Louis Braille would likely be pleased. So should David Suzuki and Ansel Adams.

A wheelchair-accessible nature trail in Lower Sackville that has been years in the making now has signs that are tactile and include Braille for path users who happen to be visually impaired or blind.

The trail, at First Lake in Halifax Regional Municipality, is being built in stages. Construction started around six years ago, but the project’s sign element is a more recent component.

According to Bob Taylor, chairman of the Friends of First Lake Society, fabrication and installation of more than 20 signs on the scenic trail cost around $50,000. Taylor said the non-profit group receives funds from the three levels of government, corporate sponsors and a local service club.

“The Sackville Lions Club’s contribution for the tactile portion was $12,000,” said the retired salesman who worked in the printing business.

He said tactile signs “are just like the other signs, except that they’ve got Braille on them and they’ve got raised (lettering in clear type) so that sight-impaired people can read them, even if they can’t read Braille.”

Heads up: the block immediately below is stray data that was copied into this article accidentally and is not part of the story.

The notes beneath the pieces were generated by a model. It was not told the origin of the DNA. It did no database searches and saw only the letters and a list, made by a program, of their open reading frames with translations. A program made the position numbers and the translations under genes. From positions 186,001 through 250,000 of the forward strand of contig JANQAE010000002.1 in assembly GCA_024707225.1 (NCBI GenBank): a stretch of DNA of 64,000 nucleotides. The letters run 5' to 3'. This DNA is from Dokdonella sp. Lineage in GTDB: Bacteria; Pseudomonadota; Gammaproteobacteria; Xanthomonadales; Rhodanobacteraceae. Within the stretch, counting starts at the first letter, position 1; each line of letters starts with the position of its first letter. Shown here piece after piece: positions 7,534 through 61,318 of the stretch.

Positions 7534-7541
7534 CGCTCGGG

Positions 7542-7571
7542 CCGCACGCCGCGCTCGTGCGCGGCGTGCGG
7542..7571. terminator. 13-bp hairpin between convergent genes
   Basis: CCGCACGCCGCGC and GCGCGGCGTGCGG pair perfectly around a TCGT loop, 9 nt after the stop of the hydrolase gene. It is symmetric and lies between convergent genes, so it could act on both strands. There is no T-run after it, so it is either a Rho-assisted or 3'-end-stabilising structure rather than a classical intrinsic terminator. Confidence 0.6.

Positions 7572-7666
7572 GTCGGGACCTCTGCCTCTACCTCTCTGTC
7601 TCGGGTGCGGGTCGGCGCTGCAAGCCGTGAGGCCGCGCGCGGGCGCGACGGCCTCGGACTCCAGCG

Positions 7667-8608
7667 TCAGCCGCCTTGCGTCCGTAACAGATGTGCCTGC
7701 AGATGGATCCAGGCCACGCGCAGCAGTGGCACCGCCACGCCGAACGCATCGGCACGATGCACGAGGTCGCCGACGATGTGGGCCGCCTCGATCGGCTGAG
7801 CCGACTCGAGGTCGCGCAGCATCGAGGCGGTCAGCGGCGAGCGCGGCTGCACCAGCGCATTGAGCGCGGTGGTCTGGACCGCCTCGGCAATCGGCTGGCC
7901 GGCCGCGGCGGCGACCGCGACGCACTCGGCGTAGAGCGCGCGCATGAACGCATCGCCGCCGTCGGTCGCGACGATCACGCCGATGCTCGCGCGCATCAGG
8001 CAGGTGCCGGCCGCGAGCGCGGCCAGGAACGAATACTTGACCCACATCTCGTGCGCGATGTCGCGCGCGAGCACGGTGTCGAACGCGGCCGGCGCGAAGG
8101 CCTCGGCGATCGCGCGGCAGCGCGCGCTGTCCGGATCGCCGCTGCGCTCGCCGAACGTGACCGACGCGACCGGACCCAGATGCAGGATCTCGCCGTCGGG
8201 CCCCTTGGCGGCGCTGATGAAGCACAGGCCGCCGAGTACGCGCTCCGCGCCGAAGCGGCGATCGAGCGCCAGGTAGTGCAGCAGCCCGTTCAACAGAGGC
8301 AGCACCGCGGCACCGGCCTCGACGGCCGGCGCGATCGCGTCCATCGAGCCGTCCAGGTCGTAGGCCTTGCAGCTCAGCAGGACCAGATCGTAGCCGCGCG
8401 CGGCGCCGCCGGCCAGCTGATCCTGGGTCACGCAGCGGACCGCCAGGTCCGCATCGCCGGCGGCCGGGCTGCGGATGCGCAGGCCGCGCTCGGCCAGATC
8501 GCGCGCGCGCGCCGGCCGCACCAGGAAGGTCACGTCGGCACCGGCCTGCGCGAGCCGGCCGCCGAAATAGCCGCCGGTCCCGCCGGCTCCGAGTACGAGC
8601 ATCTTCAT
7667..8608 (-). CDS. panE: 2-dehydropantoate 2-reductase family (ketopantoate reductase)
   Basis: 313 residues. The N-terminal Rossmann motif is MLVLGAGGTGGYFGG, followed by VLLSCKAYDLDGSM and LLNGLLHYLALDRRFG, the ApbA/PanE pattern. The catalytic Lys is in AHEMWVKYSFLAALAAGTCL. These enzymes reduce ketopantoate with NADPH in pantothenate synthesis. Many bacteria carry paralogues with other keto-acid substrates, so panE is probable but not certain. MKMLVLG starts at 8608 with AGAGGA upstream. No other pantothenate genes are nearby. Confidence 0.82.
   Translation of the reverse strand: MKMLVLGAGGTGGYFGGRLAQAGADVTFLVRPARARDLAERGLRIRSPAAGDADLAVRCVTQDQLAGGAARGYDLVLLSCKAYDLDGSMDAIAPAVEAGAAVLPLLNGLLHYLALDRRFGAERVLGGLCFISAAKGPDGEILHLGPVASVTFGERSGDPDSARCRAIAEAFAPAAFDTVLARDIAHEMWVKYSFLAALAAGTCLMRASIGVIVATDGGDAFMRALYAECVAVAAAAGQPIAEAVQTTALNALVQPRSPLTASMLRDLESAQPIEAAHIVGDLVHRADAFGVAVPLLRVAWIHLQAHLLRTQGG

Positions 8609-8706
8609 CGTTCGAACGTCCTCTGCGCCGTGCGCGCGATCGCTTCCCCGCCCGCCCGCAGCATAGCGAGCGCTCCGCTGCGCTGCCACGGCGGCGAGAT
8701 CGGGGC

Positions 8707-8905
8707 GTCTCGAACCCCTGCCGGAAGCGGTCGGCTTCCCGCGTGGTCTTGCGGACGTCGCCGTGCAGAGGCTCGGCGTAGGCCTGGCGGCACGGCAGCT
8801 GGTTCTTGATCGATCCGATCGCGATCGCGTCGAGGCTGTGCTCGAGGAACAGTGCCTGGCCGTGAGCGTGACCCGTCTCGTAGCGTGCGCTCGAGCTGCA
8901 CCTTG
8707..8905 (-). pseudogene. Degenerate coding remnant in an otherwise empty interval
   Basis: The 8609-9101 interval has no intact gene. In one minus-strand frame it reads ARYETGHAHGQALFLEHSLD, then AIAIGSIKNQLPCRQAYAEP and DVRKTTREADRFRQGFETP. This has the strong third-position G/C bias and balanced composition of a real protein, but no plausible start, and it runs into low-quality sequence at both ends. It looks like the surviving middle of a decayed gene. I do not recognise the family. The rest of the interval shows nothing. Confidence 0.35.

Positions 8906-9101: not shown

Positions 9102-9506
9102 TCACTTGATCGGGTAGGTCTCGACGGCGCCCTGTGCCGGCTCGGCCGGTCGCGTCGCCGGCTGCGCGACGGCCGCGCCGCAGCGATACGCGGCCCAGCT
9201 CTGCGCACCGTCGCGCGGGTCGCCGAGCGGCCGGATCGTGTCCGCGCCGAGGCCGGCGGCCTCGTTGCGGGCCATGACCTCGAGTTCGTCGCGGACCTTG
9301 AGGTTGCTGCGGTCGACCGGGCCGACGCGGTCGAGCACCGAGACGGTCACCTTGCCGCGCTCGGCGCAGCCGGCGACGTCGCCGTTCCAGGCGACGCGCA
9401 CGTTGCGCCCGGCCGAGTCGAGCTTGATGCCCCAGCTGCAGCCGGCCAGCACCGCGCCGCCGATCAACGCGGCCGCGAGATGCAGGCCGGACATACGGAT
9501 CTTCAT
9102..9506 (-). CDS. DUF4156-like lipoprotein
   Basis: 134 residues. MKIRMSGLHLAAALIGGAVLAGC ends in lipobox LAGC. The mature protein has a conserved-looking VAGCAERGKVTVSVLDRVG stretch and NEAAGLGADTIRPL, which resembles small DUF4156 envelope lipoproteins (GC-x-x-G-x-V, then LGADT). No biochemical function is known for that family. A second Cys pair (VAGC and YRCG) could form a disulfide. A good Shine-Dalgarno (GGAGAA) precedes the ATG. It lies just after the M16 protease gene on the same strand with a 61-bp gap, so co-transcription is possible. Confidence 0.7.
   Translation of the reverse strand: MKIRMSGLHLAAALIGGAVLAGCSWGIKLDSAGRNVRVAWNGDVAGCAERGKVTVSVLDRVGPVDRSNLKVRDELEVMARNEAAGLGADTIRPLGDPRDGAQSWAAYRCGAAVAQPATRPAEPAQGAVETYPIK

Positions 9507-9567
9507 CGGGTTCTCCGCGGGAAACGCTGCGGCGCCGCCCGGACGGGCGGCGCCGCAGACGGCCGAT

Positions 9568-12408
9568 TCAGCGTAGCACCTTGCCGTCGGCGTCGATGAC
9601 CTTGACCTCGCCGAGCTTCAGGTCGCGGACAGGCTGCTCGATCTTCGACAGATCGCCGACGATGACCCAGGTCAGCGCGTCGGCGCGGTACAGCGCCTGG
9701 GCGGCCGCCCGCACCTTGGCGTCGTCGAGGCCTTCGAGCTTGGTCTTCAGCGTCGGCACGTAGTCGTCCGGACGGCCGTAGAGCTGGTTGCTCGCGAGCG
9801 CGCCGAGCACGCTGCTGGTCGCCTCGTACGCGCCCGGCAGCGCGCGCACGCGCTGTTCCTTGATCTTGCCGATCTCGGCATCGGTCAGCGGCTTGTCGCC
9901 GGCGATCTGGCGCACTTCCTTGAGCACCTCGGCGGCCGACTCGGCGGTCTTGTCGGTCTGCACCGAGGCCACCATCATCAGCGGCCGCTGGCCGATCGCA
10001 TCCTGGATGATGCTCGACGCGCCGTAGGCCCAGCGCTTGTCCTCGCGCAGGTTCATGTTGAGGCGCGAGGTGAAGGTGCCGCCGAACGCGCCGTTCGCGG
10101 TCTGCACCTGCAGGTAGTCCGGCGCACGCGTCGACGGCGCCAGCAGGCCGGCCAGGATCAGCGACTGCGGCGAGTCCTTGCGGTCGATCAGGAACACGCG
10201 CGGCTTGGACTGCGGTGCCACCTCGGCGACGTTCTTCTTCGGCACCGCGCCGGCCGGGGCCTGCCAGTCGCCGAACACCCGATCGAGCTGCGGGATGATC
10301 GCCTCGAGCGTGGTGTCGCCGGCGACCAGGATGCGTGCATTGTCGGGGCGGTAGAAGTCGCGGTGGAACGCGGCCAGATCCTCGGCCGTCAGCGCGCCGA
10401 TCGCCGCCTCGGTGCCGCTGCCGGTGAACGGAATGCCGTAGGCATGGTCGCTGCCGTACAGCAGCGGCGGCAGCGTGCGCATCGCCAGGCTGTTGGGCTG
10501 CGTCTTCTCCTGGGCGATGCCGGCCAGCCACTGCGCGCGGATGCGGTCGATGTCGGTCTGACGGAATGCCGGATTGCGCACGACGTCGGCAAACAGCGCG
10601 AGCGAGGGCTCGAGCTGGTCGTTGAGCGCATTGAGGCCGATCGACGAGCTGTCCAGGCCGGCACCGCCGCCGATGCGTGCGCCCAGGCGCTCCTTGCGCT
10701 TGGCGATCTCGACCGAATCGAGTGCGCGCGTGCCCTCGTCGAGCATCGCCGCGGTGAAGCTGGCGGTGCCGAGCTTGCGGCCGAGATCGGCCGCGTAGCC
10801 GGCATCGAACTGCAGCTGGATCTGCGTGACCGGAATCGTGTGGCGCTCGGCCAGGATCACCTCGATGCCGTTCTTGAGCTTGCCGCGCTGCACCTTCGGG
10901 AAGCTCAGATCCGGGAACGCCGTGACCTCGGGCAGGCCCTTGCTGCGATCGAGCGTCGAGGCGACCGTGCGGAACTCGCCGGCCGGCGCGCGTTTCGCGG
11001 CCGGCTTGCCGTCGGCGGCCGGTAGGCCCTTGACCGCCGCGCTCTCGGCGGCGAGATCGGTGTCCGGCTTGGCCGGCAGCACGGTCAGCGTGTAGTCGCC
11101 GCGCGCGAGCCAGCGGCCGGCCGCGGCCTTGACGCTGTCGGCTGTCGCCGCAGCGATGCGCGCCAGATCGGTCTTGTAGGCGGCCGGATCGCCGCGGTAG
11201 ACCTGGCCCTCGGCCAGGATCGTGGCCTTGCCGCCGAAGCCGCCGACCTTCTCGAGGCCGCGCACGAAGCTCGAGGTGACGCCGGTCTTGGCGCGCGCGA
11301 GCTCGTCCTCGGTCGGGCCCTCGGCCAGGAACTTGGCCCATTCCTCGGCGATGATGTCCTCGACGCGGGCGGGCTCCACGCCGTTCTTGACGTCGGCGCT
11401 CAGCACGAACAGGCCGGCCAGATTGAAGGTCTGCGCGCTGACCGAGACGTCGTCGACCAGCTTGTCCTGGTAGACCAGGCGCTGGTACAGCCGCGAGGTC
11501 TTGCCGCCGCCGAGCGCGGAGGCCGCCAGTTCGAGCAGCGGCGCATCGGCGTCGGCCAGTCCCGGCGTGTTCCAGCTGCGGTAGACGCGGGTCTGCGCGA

A relatively fit walker should be able to do a round trip on the trail in under two hours, Taylor said. The path is at water level, so there are no hills, and it will accommodate bicycles but not motorized devices, he said.

Motorized wheelchairs, though, are allowed on the trail.

Taylor said his group consulted with a visually impaired resident, Troy Nauffts, before embarking on the sign project. Nauffts, who uses a guide dog, Momo, told The Chronicle Herald that Braille and tactile signs were his idea.

The regional office of the CNIB has endorsed the sign work.

“On behalf of our clients, CNIB commends the Friends of First Lake Society for their commitment to accessibility and creating a community space that can be utilized by all residents, regardless of vision loss,” spokeswoman Nicole Lawrence said Thursday in an email message.

“We feel this new Braille and tactile trail signage is a great step toward creating a more inclusive, barrier-free society for individuals living with blindness or partial sight” in the Halifax area, Lawrence said.

Taylor said the trail isn’t quite finished, and neither are its markings. He said future signs could include interpretative guides for users, but that would be contingent on funding.

“We have limited resources.”

Interpretative signs would help all trail users learn more about the lakeside environment that surrounds them, Taylor said.